4. We also find that the lines reported by carriers on July 31, 2000 (year-end 1999 line counts) are the appropriate data to use for updating the cost model's input values at this time. We are not persuaded by AT&T's argument that we should use as input values projected line counts for the year in which support is provided. Because support currently is provided on the basis of the lines reported by carriers, rather than line count projections, AT&T's proposed solution would not resolve the purported “mismatch” between model lines and reported lines identified by AT&T.
5. For purposes of calculating support in 2001, we will use year-end 1999 line counts in the model and adjust support amounts every quarter to reflect the lines reported by carriers, according to the methodology set forth in the Twentieth Reconsideration Order. We defer to a future proceeding the issue of how often line counts and other input values should be updated.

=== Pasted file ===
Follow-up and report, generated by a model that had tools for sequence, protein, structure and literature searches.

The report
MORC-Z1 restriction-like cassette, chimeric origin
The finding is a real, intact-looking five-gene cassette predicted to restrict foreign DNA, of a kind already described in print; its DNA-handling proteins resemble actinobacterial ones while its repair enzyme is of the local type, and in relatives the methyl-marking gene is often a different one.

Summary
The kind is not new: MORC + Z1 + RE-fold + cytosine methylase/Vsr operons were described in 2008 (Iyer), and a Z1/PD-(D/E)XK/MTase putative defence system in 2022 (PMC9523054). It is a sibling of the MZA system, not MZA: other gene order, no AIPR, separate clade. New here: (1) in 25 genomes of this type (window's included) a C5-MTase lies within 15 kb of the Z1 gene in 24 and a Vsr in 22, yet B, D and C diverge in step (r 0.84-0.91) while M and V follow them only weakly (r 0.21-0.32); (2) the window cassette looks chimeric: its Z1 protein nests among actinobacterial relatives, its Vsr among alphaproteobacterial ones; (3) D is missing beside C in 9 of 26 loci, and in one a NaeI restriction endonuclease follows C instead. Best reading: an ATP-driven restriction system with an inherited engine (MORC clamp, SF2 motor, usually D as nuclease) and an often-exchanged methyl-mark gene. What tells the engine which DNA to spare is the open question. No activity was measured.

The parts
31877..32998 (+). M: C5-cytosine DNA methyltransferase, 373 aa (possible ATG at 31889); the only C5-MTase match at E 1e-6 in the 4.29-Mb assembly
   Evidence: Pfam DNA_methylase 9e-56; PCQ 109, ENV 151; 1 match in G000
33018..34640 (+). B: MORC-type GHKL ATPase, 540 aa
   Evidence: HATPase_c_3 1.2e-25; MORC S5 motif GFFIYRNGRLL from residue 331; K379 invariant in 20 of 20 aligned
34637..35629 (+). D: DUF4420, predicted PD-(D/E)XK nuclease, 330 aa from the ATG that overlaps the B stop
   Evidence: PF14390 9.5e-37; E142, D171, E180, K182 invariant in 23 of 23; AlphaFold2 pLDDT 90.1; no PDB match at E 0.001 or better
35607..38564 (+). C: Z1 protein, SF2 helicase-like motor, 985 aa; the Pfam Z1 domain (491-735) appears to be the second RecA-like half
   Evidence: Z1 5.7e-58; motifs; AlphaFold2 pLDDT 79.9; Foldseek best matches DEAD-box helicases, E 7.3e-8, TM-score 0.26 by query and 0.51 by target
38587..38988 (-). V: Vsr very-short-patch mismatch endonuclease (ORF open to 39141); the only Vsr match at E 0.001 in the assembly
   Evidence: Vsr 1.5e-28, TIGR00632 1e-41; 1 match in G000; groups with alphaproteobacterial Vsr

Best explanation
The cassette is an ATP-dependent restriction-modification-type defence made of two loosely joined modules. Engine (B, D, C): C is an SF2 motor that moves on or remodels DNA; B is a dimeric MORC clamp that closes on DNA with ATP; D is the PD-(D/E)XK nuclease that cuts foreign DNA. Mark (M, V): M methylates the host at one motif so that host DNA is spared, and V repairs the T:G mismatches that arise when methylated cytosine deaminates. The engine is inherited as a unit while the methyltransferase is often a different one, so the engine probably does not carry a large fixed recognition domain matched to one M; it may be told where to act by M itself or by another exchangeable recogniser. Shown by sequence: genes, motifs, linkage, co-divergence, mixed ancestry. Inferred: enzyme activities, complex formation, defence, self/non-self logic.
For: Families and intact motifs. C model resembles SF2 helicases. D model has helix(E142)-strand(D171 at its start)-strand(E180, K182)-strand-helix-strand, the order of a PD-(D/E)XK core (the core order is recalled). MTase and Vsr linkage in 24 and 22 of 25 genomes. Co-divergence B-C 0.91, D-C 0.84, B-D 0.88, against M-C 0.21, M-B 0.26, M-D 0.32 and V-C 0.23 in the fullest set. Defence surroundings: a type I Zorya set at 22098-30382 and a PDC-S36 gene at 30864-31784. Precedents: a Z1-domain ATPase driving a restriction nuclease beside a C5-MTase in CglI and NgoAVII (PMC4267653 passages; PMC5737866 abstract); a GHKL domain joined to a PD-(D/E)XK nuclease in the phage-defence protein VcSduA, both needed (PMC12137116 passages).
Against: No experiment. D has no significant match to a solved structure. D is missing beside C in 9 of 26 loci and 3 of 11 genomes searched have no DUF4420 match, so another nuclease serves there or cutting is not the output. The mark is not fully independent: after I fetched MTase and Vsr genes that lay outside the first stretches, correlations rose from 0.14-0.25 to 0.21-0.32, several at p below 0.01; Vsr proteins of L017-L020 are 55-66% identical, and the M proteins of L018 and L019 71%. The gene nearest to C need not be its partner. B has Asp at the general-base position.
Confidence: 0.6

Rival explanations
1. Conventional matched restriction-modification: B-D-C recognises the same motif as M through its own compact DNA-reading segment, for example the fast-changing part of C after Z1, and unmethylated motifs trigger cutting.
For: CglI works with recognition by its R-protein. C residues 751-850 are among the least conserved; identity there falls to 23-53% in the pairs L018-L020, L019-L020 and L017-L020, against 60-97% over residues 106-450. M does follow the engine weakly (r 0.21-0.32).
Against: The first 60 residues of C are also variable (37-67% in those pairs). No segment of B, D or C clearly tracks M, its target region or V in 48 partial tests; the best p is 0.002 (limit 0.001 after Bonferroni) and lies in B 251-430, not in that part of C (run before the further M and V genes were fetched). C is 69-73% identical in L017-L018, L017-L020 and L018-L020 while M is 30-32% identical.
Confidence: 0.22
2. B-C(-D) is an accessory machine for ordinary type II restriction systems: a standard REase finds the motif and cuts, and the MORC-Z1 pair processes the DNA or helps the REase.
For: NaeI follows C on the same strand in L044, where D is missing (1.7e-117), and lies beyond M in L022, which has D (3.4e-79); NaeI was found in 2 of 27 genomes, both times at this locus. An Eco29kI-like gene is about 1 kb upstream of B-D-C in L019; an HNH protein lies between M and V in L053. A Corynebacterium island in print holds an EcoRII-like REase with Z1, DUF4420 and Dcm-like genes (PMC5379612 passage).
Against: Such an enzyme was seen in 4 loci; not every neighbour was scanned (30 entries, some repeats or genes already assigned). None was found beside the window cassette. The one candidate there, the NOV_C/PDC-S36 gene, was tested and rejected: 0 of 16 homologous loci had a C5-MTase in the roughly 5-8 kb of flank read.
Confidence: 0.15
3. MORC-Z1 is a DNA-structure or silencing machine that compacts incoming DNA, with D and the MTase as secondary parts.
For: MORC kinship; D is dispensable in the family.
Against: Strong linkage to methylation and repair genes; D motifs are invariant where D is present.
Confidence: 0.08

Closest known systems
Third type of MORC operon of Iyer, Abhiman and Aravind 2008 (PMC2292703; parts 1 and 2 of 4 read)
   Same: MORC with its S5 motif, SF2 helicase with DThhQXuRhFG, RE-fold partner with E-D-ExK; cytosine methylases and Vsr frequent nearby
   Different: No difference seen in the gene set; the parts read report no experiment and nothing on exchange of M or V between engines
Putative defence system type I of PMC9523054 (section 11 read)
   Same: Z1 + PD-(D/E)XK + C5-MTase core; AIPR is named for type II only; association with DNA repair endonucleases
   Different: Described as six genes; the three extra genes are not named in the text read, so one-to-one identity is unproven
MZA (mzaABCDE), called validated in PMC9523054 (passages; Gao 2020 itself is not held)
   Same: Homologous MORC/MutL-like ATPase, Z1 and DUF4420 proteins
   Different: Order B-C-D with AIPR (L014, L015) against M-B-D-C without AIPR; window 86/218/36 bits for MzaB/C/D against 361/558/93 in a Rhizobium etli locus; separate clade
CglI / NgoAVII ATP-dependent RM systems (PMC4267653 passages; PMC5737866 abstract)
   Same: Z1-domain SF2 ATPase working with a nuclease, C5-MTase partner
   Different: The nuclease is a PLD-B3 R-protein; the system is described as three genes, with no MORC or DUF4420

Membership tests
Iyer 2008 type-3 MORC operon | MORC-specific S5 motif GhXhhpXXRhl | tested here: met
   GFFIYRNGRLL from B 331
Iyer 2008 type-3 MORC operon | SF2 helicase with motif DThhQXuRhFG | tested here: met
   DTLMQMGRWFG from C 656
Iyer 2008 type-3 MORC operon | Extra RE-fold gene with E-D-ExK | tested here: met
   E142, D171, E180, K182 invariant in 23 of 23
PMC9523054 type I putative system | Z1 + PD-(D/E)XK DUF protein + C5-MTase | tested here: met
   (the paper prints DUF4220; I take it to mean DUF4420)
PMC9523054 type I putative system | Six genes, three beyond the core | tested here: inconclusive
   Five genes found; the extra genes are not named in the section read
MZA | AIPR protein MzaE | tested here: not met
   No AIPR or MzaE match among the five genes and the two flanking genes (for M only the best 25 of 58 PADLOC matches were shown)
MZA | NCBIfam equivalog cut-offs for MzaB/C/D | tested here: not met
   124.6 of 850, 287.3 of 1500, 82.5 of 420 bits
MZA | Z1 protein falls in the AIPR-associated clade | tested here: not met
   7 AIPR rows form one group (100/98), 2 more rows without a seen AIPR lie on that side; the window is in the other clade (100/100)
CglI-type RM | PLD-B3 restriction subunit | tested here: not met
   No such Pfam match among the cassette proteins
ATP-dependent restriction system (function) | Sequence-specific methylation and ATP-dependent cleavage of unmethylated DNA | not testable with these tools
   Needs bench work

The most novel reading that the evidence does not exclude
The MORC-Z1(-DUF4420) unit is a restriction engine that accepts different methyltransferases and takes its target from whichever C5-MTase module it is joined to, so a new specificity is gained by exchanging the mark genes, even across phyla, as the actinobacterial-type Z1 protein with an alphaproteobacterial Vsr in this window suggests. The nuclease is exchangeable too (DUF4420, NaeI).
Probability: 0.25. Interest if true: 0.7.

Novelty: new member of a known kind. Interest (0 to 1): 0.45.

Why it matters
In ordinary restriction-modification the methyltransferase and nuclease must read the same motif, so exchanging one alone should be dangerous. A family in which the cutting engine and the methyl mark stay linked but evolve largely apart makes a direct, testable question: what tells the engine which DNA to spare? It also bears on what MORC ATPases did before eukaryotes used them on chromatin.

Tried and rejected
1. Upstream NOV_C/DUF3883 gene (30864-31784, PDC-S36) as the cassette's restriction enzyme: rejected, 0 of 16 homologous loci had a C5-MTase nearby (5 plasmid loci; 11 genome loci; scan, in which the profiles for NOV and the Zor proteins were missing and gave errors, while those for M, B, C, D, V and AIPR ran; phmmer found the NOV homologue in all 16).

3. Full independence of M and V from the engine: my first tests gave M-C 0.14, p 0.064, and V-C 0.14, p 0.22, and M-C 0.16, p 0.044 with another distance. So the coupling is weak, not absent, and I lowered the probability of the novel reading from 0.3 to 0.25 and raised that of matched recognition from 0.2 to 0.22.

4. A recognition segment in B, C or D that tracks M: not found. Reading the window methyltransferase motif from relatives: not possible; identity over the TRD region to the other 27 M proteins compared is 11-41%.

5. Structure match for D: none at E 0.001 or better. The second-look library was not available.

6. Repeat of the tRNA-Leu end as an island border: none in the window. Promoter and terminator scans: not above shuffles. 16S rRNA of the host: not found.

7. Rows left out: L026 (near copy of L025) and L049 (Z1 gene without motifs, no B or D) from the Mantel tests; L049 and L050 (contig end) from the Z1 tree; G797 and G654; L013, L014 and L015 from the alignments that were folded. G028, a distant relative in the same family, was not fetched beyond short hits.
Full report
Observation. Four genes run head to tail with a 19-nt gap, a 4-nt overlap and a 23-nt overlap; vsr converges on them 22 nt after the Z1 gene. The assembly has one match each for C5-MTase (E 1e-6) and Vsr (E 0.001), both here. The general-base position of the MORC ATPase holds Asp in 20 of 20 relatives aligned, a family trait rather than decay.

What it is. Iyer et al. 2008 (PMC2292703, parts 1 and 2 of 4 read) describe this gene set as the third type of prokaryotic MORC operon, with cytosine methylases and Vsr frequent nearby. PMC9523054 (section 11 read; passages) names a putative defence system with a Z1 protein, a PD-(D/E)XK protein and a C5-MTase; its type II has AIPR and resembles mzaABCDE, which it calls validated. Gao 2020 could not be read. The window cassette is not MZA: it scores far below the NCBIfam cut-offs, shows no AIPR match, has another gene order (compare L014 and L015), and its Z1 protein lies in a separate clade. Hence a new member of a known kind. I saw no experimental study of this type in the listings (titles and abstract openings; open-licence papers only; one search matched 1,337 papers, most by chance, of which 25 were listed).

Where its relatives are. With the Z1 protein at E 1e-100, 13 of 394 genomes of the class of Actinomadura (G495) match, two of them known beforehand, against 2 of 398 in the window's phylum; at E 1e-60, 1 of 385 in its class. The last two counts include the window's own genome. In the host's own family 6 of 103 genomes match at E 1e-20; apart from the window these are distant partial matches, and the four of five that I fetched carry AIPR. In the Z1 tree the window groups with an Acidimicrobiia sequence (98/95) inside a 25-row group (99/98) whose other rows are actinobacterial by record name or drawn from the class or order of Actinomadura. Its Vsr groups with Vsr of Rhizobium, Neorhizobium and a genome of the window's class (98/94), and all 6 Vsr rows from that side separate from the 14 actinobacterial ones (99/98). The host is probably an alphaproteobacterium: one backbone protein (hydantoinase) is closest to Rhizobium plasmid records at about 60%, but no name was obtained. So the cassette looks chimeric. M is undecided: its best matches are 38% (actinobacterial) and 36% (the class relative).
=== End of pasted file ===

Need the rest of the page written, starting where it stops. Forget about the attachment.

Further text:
6. We are not persuaded by Qwest's argument that we should not use updated line count data in the cost model unless we also use updated customer location data. Qwest claims that updating only line counts would “artificially depress the cost per line, since the numerator would remain stagnant while the denominator grows.” This statement fails to acknowledge how the model estimates forward-looking costs. Qwest concedes that increased line counts reflect one of two situations: (1) additional lines at existing locations; and (2) lines at new locations. When additional lines are added at existing locations the model takes into account additional costs involved, such as larger cable sizes and increased capacity digital loop carriers. Contrary to Qwest's claim, the numerator (estimated forward-looking cost) would not remain stagnant if the model uses updated line count input values. Moreover, we estimate that approximately 65 percent of the increase in residential lines is due to additional lines at existing locations rather than to lines at new locations. Until the Commission adopts new customer location data, all new lines should be treated as additional lines at existing locations in the model, with their additional costs included in the model's cost estimates.